Tag Archives: Government Shutdown

Jay Leno Calls Out Ted Cruz On Shutdown: ‘You Looked Like A Big Fan From Where I Was Standing’

Somebody needed to call this clown out.  Jay Leno helped expose Ted Cruz’ blatant hypocrisy…

The Huffington Post

Sen. Ted Cruz (R-Texas) made his first foray into late-night television on Friday, facing some prodding questions from Tonight Show host Jay Leno on the government shutdown.

About four minutes into the interview, Leno asked Cruz why the shutdown took place, posing the idea that if Obamacare had been allowed to go forward without shutting down the government, the early struggles with the law may have been seen in a different light.

“Listen, Jay, I’m one of the many people who was not a fan of shutting down the government,” Cruz said. “Throughout this whole thing, I said…”

“Well you looked like a big fan from where I was standing,” Leno interjected.

“I said throughout, ‘We shouldn’t shut down the government,’” Cruz said seconds later. “And the reason we had a government shutdown is President Obama and the Democrats said ‘we will not negotiate and we will not compromise.’”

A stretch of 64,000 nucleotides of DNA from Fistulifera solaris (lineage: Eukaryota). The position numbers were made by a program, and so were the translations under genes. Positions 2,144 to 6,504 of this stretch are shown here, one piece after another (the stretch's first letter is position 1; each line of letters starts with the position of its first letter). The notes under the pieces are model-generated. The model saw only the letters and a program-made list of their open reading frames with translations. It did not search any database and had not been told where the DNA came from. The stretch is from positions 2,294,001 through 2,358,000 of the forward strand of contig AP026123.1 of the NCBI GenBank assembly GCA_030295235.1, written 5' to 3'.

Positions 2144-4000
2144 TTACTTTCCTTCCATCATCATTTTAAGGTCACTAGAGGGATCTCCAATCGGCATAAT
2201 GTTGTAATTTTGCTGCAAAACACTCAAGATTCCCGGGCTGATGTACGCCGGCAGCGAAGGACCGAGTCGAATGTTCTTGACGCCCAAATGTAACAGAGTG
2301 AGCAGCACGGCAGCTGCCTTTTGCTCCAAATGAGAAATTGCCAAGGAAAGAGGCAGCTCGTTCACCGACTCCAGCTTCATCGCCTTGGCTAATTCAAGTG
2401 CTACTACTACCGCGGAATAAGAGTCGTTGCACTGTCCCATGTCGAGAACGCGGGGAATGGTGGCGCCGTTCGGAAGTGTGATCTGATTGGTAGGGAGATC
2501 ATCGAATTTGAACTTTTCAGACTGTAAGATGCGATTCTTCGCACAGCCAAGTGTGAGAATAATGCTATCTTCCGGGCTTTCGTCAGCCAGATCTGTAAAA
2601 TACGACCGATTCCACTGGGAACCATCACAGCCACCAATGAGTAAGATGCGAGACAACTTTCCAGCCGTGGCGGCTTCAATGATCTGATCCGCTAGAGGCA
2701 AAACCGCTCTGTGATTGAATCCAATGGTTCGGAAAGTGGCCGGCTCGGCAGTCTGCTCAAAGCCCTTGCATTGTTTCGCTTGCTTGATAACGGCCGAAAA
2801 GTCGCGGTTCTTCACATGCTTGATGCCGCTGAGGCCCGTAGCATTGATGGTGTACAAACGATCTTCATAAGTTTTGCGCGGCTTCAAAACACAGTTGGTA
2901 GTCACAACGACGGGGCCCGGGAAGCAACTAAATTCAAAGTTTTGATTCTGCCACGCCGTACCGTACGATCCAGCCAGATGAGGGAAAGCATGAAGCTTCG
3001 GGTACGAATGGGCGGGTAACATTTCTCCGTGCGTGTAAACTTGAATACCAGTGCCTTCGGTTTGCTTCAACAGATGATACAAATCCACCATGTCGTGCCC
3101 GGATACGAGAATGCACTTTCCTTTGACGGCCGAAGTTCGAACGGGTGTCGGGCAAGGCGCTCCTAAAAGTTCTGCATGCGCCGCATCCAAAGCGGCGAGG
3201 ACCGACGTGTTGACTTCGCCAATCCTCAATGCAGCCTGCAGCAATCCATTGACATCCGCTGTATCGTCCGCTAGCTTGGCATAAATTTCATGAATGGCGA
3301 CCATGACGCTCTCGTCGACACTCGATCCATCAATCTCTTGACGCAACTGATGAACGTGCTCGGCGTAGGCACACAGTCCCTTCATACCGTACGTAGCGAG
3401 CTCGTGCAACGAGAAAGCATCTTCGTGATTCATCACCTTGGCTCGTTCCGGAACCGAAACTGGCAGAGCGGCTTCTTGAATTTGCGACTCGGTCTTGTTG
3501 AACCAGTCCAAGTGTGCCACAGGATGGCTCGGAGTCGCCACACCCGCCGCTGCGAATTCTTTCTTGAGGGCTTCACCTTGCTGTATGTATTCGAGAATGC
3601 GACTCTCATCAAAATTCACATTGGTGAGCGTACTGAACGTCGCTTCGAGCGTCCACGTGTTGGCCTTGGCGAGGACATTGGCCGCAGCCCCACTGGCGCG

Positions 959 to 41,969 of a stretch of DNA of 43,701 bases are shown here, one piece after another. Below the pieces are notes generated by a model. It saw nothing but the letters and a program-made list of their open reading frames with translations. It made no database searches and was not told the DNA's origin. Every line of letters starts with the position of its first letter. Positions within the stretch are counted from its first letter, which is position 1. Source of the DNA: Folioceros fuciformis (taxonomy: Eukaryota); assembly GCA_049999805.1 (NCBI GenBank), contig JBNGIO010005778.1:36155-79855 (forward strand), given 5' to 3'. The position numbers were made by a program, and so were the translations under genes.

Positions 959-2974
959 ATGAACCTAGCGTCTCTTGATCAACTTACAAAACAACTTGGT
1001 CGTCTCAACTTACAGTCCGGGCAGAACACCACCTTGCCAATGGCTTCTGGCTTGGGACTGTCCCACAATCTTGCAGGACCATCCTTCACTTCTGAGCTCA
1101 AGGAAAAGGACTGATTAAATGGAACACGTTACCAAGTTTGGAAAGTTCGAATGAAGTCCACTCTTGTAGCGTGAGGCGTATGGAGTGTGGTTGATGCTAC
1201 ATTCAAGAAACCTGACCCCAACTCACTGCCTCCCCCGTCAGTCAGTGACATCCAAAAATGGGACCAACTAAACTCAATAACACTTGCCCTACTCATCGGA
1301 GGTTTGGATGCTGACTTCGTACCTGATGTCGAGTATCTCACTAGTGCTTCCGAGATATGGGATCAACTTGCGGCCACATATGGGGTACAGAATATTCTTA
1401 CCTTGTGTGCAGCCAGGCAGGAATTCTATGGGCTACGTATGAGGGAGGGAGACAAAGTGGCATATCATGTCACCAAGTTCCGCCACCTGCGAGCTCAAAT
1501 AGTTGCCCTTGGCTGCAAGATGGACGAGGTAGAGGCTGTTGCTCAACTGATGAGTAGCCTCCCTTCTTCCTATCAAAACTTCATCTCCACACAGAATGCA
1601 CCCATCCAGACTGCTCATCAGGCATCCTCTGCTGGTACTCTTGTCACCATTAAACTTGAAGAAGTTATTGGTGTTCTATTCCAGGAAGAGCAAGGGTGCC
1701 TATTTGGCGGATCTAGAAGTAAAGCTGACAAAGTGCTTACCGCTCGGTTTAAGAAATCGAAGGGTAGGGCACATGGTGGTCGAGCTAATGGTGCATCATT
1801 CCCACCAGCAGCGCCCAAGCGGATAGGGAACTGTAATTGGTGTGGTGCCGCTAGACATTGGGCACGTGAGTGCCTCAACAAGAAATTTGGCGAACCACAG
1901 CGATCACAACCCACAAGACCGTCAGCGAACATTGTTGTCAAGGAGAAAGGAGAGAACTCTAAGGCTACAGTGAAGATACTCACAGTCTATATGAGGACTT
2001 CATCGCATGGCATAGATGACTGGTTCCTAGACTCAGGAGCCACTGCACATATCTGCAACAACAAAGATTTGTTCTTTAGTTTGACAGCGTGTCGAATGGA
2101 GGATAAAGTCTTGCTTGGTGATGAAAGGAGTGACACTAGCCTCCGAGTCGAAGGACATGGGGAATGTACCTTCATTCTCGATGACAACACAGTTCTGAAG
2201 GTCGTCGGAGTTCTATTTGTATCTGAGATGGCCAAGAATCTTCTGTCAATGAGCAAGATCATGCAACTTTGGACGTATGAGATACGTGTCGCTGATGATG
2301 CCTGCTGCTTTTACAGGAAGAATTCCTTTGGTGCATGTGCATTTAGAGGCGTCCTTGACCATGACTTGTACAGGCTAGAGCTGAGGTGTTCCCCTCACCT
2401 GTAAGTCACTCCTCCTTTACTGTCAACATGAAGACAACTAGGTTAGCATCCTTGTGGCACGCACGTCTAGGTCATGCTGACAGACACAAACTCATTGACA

Recent polls show that three weeks after the shutdown came to a close, Americans are still angry at both Congress and President Barack Obama. A HuffPost/YouGov survey unveiled Thursday showed only 7 percent believe most members of Congress deserve reelection, compared to 73 percent who said they don’t.

Obama has taken his own share of heat, as a Friday Pew Research survey showed the president’s approval rating has plummeted to 41 percent. That marks an 11-percent drop since January 2013.


Filed under Government Shutdown, Sen. Ted Cruz



The Huffington Post

Democrats Have A Shot At Taking Back The House As Republican Popularity Continues To Drop: Poll

A new survey of 25 GOP-held districts shows dwindling favorability for Republican members of the House in the wake of the recent government shutdown.